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Genetics Home Reference: your guide to understanding genetic conditions
http://ghr.nlm.nih.gov/     A service of the U.S. National Library of Medicine®

DRD3

Reviewed February 2008

What is the official name of the DRD3 gene?

The official name of this gene is “dopamine receptor D3.”

DRD3 is the gene's official symbol. The DRD3 gene is also known by other names, listed below.

What is the normal function of the DRD3 gene?

The DRD3 gene provides instructions for making a protein called dopamine receptor D3, which is found in the brain. This protein responds to the chemical messenger (neurotransmitter) dopamine to trigger signals within the nervous system, including signals involved in producing physical movement.

Does the DRD3 gene share characteristics with other genes?

The DRD3 gene belongs to a family of genes called GPCR (G protein-coupled receptors).

A gene family is a group of genes that share important characteristics. Classifying individual genes into families helps researchers describe how genes are related to each other. For more information, see What are gene families? (http://ghr.nlm.nih.gov/handbook/howgeneswork/genefamilies) in the Handbook.

Where is the DRD3 gene located?

Cytogenetic Location: 3q13.3

Molecular Location on chromosome 3: base pairs 114,128,709 to 114,199,406

The DRD3 gene is located on the long (q) arm of chromosome 3 at position 13.3.

The DRD3 gene is located on the long (q) arm of chromosome 3 at position 13.3.

More precisely, the DRD3 gene is located from base pair 114,128,709 to base pair 114,199,406 on chromosome 3.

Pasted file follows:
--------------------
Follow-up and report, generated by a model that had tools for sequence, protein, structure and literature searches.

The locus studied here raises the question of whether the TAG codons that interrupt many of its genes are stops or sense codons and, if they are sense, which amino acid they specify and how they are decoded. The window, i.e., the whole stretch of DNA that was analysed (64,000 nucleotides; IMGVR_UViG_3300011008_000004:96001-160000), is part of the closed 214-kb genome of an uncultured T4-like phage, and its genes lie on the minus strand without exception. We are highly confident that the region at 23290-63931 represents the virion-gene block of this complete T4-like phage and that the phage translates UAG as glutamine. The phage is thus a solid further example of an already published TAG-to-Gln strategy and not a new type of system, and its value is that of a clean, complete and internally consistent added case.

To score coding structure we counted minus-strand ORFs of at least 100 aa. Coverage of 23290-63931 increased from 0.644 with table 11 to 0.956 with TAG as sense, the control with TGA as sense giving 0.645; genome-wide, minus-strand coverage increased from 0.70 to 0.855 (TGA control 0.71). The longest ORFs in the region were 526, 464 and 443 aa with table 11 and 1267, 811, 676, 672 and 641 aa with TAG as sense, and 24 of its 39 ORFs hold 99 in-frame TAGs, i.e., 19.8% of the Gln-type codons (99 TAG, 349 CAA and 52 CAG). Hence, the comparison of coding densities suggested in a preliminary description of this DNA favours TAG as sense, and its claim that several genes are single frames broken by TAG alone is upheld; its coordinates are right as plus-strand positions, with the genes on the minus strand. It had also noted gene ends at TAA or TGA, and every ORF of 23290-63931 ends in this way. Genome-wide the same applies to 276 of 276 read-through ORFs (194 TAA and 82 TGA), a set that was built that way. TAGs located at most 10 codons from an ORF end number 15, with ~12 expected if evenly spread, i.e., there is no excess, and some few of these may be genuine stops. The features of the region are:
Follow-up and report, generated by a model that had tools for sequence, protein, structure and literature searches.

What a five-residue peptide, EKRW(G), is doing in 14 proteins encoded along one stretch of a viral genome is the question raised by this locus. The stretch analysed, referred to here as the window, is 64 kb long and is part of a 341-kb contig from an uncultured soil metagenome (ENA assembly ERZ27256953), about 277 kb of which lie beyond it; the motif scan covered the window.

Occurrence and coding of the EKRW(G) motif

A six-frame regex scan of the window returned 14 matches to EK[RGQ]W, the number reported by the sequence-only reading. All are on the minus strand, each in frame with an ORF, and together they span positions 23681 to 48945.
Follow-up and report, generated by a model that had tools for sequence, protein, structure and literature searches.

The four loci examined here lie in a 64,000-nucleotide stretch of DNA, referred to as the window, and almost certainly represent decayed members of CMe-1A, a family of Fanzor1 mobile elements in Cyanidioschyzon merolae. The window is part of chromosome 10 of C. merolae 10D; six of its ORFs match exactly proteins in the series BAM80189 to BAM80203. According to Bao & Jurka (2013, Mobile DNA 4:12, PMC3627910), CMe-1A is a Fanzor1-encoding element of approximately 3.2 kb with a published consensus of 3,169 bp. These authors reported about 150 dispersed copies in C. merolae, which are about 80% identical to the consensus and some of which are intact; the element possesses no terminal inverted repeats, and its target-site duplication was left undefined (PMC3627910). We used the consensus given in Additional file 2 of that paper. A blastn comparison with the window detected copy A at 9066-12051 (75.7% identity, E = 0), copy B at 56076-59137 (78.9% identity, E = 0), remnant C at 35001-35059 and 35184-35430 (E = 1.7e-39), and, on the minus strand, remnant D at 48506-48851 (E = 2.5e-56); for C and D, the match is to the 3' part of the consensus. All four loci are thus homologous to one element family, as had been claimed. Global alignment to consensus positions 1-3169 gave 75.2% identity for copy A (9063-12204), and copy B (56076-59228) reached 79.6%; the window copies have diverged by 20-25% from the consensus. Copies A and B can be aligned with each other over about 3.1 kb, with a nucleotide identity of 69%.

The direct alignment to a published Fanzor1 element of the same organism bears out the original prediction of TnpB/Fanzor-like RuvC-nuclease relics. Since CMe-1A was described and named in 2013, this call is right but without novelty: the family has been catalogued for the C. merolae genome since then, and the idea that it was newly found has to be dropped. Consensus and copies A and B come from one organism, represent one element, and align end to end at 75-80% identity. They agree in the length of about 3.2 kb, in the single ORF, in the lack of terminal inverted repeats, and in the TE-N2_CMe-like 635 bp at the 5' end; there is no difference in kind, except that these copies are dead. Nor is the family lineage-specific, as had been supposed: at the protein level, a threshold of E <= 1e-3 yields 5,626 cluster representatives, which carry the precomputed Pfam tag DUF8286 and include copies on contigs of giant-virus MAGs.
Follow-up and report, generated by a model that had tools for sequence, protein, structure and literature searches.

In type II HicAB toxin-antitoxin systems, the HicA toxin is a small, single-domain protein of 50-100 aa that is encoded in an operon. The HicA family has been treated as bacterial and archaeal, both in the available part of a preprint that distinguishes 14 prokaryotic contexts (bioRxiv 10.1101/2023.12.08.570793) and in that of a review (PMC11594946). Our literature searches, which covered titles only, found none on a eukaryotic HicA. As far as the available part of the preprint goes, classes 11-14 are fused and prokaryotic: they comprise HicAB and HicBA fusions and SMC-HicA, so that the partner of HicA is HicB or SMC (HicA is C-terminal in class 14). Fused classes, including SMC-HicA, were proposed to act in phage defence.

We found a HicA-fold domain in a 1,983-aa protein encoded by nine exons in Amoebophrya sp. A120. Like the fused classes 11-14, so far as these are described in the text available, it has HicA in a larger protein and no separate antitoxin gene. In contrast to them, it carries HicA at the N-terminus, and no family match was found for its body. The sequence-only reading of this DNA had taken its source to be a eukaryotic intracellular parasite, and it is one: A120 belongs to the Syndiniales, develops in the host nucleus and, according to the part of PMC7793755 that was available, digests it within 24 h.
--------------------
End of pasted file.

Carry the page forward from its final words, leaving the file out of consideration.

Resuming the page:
See How do geneticists indicate the location of a gene? (http://ghr.nlm.nih.gov/handbook/howgeneswork/genelocation) in the Handbook.

Where can I find additional information about DRD3?

You and your healthcare professional may find the following resources about DRD3 helpful.

You may also be interested in these resources, which are designed for genetics professionals and researchers.

What other names do people use for the DRD3 gene or gene products?

  • D3DR
  • DRD3_HUMAN
  • ETM1
  • FET1
  • MGC149204
  • MGC149205

See How are genetic conditions and genes named? (http://ghr.nlm.nih.gov/handbook/mutationsanddisorders/naming) in the Handbook.

What glossary definitions help with understanding DRD3?

dopamine ; gene ; nervous system ; protein ; receptor

You may find definitions for these and many other terms in the Genetics Home Reference Glossary (http://www.ghr.nlm.nih.gov/glossary).

References

  • Deng H, Le W, Jankovic J. Genetics of essential tremor. Brain. 2007 Jun;130(Pt 6):1456-64. Epub 2007 Mar 12. Review. (http://www.ncbi.nlm.nih.gov/pubmed/17353225?dopt=Abstract)
  • OMIM: DOPAMINE RECEPTOR D3 (http://omim.org/entry/126451)
  • Jeanneteau F, Funalot B, Jankovic J, Deng H, Lagarde JP, Lucotte G, Sokoloff P. A functional variant of the dopamine D3 receptor is associated with risk and age-at-onset of essential tremor. Proc Natl Acad Sci U S A. 2006 Jul 11;103(28):10753-8. Epub 2006 Jun 29. (http://www.ncbi.nlm.nih.gov/pubmed/16809426?dopt=Abstract)
  • Lucotte G, Lagarde JP, Funalot B, Sokoloff P. Linkage with the Ser9Gly DRD3 polymorphism in essential tremor families. Clin Genet. 2006 May;69(5):437-40. (http://www.ncbi.nlm.nih.gov/pubmed/16650084?dopt=Abstract)
  • NCBI Gene (http://www.ncbi.nlm.nih.gov/gene/1814)
  • Sokoloff P, Giros B, Martres MP, Bouthenet ML, Schwartz JC. Molecular cloning and characterization of a novel dopamine receptor (D3) as a target for neuroleptics. Nature. 1990 Sep 13;347(6289):146-51. (http://www.ncbi.nlm.nih.gov/pubmed/1975644?dopt=Abstract)
  • Tan EK, Prakash KM, Fook-Chong S, Yih Y, Chua E, Lum SY, Wong MC, Pavanni R, Zhao Y. DRD3 variant and risk of essential tremor. Neurology. 2007 Mar 6;68(10):790-1. (http://www.ncbi.nlm.nih.gov/pubmed/17339592?dopt=Abstract)

 

The resources on this site should not be used as a substitute for professional medical care or advice. Users seeking information about a personal genetic disease, syndrome, or condition should consult with a qualified healthcare professional. See How can I find a genetics professional in my area? (http://ghr.nlm.nih.gov/handbook/consult/findingprofessional) in the Handbook.

 
Reviewed: February 2008
Published: December 22, 2014